Sam Alebrahim used to be an independent journalist based in Deraa, in southern Syria. When he fled to Malaysia in 2016 after being injured in a Russian bombardment while out reporting, he never imagined he would one day have to fear for his safety again, to the point of no longer daring to leave his home.
Alebrahim obtained an initial visa in 2016 that allowed him to take up residence in the Malaysian capital, Kuala Lumpur, in order to resume studying journalism and to keep writing, especially about the battle of East Ghouta, which continued to rage until 2018.
However, Kuala Lumpur has a sizeable Syrian community, where Alebrahim’s reporting has not gone unnoticed and, in particular, has annoyed the local branch of the pro-government National Union of Syrian Students, whose members behave like “shabiha,” the armed volunteers in Syria who threaten and persecute those opposed to Assad.
Alebrahim was attacked in the street and was forced to change his place of residence three times. Then he received a photo of his street door on WhatsApp accompanied by the words: “just so you know we are very, very close to you, traitor.”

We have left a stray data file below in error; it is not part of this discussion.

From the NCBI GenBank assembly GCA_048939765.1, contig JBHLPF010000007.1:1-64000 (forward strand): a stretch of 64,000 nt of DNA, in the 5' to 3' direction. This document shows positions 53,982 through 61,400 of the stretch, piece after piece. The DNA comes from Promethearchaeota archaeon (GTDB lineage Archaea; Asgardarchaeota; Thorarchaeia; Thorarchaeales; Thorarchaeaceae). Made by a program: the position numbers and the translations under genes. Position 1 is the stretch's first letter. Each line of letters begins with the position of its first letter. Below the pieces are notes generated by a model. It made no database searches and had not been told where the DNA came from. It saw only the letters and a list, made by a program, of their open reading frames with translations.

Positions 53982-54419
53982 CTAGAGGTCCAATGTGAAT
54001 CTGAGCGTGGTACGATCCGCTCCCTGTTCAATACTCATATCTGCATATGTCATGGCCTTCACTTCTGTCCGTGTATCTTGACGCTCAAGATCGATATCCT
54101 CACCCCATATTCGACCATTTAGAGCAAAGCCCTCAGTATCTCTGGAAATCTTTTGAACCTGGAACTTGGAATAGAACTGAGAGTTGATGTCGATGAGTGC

Alebrahim’s fears are not limited to physical threats. He needs a valid passport in order to renew his residence permit, but both his Malaysian visa and his passport expired nearly a year ago and the Syrian embassy refuses to give him a new passport because of his journalistic activities. So now he fears not only deadly physical violence but also the possibility of being arrested and deported.
“We are very concerned for the safety of Sam Alebrahim and about the fact that his situation has been aggravated by the impossibility of renewing his residence permit,” said RSF’s Middle East desk.
“It’s a double penalty to flee far from his country only to be threatened again. His case shows that the intimidatory techniques to which he was subjected in Syria reach far beyond its borders. The processing of his asylum application needs to be accelerated as a matter of urgency and, at the same time, the Malaysian authorities must do everything necessary to protect him.”
Syria is ranked 174th out of 180 countries and territories in RSF's 2020 World Press Freedom Index.